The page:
Oh, Poop! It's spoiled Rotten!
One mistake many new owners make is to not start early
enough handling their yorkie.  Make no mistake, a spoiled
dog is not a happy dog.  Nor is it likely to be a healthy dog.  
Uncooperative behavior inevitably leads to less interaction
with family members, which in turn leads to boredom and
anxiety.  On the physical side, finicky eating and lack of
exercise are precursors to a variety of ailments- just as they
are in humans.  Yorkies, who dispite their size are not
inherently delicate, can become fragile when lack of exercise
leads to poor muscle tone, weak ligaments and diminished
bone mass.  Just as important, the owner of the coddled
yorkie cheats himself out of much that makes these intelligent
toy terriers so delightful to live with.

Make believe:  Pretend that your yorkie is going to grow up
and weigh 20 pounds.  Handle, train, and exercise it like it
was a Beagle’s size.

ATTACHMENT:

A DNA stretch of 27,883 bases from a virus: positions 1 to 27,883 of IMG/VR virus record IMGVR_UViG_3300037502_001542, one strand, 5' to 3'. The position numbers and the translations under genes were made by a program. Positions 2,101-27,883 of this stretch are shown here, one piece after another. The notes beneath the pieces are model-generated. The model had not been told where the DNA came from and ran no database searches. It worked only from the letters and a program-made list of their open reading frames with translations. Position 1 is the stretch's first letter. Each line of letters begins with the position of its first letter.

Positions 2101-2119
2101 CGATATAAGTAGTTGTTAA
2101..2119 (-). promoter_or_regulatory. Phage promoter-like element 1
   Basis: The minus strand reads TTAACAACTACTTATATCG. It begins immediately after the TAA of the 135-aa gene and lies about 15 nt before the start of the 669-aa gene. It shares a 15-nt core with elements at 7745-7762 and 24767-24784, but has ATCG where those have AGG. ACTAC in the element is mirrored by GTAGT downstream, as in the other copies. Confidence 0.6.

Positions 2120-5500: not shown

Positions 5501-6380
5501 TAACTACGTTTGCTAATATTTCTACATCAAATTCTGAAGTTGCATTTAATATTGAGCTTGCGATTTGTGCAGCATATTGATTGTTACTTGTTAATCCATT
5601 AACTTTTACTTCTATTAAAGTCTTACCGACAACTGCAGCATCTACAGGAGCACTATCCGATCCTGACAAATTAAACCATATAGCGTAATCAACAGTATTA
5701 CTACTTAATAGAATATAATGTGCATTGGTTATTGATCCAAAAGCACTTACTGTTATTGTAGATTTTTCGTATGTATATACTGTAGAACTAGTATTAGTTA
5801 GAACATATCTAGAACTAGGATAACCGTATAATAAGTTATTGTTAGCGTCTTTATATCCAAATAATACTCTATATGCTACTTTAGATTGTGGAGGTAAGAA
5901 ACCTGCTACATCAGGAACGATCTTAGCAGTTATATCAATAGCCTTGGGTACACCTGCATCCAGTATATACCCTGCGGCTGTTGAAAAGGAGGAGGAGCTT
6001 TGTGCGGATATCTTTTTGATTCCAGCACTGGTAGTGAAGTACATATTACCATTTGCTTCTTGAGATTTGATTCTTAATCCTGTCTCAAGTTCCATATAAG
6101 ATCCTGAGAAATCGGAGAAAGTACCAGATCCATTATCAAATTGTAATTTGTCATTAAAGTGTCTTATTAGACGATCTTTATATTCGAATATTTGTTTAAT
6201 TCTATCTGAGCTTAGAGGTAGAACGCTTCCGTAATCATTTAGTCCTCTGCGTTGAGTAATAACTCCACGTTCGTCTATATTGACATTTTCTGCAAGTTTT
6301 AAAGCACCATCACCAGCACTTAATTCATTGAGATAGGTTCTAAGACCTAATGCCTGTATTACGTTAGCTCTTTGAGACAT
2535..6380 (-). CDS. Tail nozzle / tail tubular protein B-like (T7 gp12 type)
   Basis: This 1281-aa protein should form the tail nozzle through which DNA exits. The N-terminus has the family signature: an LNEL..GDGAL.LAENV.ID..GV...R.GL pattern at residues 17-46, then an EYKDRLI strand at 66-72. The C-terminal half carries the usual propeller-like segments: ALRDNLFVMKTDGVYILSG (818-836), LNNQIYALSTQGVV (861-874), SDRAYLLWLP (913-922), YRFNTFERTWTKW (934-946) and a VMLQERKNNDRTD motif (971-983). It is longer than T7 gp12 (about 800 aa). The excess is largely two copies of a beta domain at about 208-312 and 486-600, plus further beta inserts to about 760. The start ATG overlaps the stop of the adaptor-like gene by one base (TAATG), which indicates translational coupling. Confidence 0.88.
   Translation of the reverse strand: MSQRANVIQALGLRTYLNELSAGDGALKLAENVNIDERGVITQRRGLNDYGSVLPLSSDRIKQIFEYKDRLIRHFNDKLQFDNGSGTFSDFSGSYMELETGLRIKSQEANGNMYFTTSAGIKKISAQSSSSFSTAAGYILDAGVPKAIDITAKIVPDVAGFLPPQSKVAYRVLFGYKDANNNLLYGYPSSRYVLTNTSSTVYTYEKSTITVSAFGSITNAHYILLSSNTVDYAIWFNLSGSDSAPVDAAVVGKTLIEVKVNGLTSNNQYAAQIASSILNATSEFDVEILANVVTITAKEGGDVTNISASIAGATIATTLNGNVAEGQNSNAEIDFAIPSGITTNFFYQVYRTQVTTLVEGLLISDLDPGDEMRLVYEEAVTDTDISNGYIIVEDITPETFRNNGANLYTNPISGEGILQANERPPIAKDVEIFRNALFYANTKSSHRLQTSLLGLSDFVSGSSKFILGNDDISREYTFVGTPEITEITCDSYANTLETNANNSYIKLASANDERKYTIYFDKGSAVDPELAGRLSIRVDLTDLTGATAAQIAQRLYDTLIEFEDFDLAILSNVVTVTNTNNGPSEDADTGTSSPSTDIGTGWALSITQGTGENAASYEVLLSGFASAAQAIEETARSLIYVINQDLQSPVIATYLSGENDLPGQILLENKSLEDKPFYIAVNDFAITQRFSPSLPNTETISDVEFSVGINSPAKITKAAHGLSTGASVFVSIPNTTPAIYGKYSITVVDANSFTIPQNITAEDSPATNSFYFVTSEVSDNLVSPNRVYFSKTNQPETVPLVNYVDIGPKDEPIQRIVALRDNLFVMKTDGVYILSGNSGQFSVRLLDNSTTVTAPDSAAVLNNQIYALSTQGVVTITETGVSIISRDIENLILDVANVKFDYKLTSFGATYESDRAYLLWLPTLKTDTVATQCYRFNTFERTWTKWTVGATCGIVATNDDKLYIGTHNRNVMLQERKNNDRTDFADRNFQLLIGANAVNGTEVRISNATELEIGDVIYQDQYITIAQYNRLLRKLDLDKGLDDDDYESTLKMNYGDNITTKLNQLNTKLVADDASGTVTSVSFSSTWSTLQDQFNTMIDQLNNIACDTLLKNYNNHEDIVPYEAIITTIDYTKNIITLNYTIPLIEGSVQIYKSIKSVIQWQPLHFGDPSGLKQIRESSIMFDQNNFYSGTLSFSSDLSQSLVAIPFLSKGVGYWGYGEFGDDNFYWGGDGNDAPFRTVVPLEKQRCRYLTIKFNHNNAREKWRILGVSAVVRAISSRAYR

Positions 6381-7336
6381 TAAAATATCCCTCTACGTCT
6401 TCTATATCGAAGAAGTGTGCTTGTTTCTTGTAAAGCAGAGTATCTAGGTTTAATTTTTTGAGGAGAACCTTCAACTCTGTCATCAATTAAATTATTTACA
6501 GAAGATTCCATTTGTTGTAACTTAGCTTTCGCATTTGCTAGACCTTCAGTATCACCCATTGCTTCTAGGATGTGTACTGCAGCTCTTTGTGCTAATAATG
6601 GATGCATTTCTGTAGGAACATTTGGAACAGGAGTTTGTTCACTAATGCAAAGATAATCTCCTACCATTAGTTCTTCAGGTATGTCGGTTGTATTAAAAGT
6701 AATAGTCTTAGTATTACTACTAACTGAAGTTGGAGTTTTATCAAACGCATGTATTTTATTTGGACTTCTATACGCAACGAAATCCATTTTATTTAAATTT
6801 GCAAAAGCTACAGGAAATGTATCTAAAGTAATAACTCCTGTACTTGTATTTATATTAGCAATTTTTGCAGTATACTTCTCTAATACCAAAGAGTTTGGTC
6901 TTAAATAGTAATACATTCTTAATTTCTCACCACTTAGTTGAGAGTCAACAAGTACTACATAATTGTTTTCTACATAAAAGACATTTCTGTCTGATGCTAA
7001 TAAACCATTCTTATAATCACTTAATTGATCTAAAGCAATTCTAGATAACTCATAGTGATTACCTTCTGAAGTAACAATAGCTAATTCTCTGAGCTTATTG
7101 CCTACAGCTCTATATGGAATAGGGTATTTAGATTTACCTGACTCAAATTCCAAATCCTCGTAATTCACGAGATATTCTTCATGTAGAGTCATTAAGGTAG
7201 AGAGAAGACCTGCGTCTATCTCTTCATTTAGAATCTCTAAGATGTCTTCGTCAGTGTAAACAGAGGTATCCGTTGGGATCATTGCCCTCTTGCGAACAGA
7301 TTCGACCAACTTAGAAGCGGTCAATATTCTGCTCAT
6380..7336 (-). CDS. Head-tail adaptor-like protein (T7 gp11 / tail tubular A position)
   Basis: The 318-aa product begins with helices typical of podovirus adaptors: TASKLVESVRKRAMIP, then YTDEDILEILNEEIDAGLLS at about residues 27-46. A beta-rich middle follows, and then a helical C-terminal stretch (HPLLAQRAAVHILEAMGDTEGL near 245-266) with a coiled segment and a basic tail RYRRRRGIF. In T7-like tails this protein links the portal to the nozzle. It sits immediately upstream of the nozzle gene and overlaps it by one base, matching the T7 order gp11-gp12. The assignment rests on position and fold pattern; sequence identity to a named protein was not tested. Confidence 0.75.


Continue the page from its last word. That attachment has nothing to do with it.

Bigger is Better:  Yorkies that are intended for show and
breeding should not exceed 7 pounds.  For all other
purposes, bigger is better.  The larger yorkie is more
versatile and easier to work with.  It is surely easier to brush
a 10 pound dog’s teeth than a 2 pound dog’s teeth.  
Also a larger dog is less likely to be injured in a misstep.  
The teenies are also more sensitive to the cold and wet
weather which limits year round activities and exercise.
Even before you bring your yorkie home, purchase a leash,
collar/harness, crate, sweater, toys, and grooming supplies.  
Consider a good puppy training class.  Put all these items to
use starting the second day in your home.

No free lunch:  This should be your mantra for the first six
months, reserve cooing, kissing as well as tidbits and treats,
as rewards for good, cooperative behavior.  No unearned
cuddling at this stage.  Treat the little darling like a dog and
you will be rewarded greatly with an adorable first rate